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RE: Access with ACCESS

From: Babette Turner-Underwood <>
Date: Wed, 16 Oct 2002 21:48:26 -0800
Message-ID: <>

They might drop it, but then you could have a DBMS-JOB that checks for this view in each schema and if it doesn't exist, re-creates it for them... saves having to remember doing it when creating new DEV schemas ...

In an attempt to see how tight we could make security we took this notion a step further and removed public access and ownership to ALL of the USER_, ALL_ and DBA_ views (in a separate test database of course). Worked surprisingly well. We are considering using this as part of our security strategy to lock down our database.

-----Original Message-----
Sent: Wednesday, October 16, 2002 7:54 PM To: Multiple recipients of list ORACLE-L

Here's another option which is far from perfect and is definitely sneaky (which is what I like about it)...

Depending on which ODBC driver is in use, upon connection the objects available for use will be queried via the ALL_OBJECTS database view. In the past, when we've wanted to limit the objects viewable from MS-Access and MS-Excel, we modified ALL_OBJECTS accordingly. For example, during a Sybase-to-Oracle conversion, the users were used to seeing all object names in lower-case and belonging to a schema named "dbo". So in Oracle, we created objects in a schema by that name (all in lower-case), but they always saw hundreds of other objects (usually related to public synonoyms) that they didn't care about. Instead of getting rid of all the public synonyms, we modified the view ALL_OBJECTS within their account to make it more selective about what it displayed. It seemed to work well and everyone was happy...

My suggestion to you is somewhat similar, and based upon the idea that "legitimate" users may likely not query the ALL_OBJECTS view (which could a heck of an assumption, but see how it fits). For these user accounts, create a private ALL_OBJECTS view within that account that queries from SYS.ALL_OBJECTS where 1 = 2, thereby guaranteeing that it returns no rows.

Thus, users of that ODBC driver will see nothing to query from...

Of course, they may notice the new view in their account and drop it. But I guess that depends on their level of sophistication. The upshot is that it is easy to implement and could be effective, depending on the sophistication of these users...

Just an idea; your requirements may vary and remember that different ODBC drivers may use other views or techniques to populate a list of objects. But it could be a very cheap way to lock out folks using ODBC applications...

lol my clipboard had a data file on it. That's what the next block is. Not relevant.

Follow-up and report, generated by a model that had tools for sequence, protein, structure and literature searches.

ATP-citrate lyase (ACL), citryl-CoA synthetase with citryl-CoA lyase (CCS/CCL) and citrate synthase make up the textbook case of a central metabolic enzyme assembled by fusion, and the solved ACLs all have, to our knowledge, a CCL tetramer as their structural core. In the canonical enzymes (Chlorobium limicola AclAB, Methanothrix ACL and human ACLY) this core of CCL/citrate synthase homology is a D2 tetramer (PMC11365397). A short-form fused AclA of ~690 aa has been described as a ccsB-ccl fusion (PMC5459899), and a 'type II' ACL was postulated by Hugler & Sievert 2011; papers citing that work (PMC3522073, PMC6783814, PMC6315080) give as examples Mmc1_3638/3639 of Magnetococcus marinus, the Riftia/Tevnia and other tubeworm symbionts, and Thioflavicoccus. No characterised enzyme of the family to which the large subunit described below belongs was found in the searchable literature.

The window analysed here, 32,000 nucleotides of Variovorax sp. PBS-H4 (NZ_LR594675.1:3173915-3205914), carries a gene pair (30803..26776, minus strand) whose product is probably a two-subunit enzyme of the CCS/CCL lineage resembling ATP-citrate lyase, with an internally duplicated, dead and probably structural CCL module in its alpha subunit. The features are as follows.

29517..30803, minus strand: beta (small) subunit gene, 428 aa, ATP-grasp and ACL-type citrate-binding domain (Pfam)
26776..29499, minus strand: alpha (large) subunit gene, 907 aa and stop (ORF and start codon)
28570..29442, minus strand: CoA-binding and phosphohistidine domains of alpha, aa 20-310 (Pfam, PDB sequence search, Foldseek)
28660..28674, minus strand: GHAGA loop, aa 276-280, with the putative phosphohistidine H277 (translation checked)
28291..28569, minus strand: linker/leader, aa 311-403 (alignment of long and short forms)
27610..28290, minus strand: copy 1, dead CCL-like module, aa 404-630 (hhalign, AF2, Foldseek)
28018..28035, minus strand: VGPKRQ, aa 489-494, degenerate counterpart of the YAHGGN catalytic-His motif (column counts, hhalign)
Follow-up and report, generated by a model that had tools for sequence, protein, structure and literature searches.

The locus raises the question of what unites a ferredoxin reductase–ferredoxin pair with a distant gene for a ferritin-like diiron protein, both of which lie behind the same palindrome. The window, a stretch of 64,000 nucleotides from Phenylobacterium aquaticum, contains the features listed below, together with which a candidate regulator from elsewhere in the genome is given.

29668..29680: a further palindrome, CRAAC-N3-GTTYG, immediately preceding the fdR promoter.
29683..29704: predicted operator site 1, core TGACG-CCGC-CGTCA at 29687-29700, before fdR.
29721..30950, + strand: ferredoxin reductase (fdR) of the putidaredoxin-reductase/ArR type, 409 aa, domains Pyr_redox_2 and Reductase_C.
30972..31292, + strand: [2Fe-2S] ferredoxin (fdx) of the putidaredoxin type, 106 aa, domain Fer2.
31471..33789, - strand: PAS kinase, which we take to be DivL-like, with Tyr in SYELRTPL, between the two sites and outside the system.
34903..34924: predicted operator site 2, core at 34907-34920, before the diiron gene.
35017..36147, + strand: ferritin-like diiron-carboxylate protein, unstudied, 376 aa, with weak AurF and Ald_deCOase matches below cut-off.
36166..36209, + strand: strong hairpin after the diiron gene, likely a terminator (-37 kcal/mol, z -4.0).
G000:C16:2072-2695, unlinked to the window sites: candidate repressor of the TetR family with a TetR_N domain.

> Some options could be:
> - password protected roles
> - application roles (9i)
> - virtual private database
> each being enabled via the applications that *you*
> control and thus not from Access.
> Some/all of the above could possibly be subverted in
> time by a smart and malicious user, but it should
> suffice in most cases
> hth
> connor
> --- "Jesse, Rich" <> wrote: >
> Unfortunately, not really. If your Oracle version
> > is at least 8i (you don't
> > say which you're using), you could create a LOGON
> > trigger where you could
> > glean the "PROGRAM" variable set by the client. The
> > problem with this is
> > that MS can sometimes have very long path names to
> > get to MSACCESS.EXE,
> > which will then be truncated by the "PROGRAM" size
> > of 50 chars (or is it
> > 64?). And different versions of Winders puts the
> > forsaken tool in different
> > locations. You could *mostly* prevent ACCESS from
> > access, but it can never
> > be 100%.
> >
> > Rich
> >
> >
> > Rich Jesse System/Database
> > Administrator
> > Quad/Tech
> > International, Sussex, WI USA
> >
> > -----Original Message-----
> > Sent: Tuesday, October 15, 2002 5:59 PM
> > To: Multiple recipients of list ORACLE-L
> >
> >
> > How do I stop users from accessing Oracle tables
> > with Access? They have
> > rights to the tables in Oracle and should have those
> > rights, yet I do not
> > want anyone to be able to pull the data off into an
> > access database. Is it
> > possible to stop this without taking their
> > privileges to the Oracle tables
> > away?
> > Thank you,
> > Laura
> > --

Please see the official ORACLE-L FAQ:
Author: Babette Turner-Underwood

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Received on Thu Oct 17 2002 - 00:48:26 CDT

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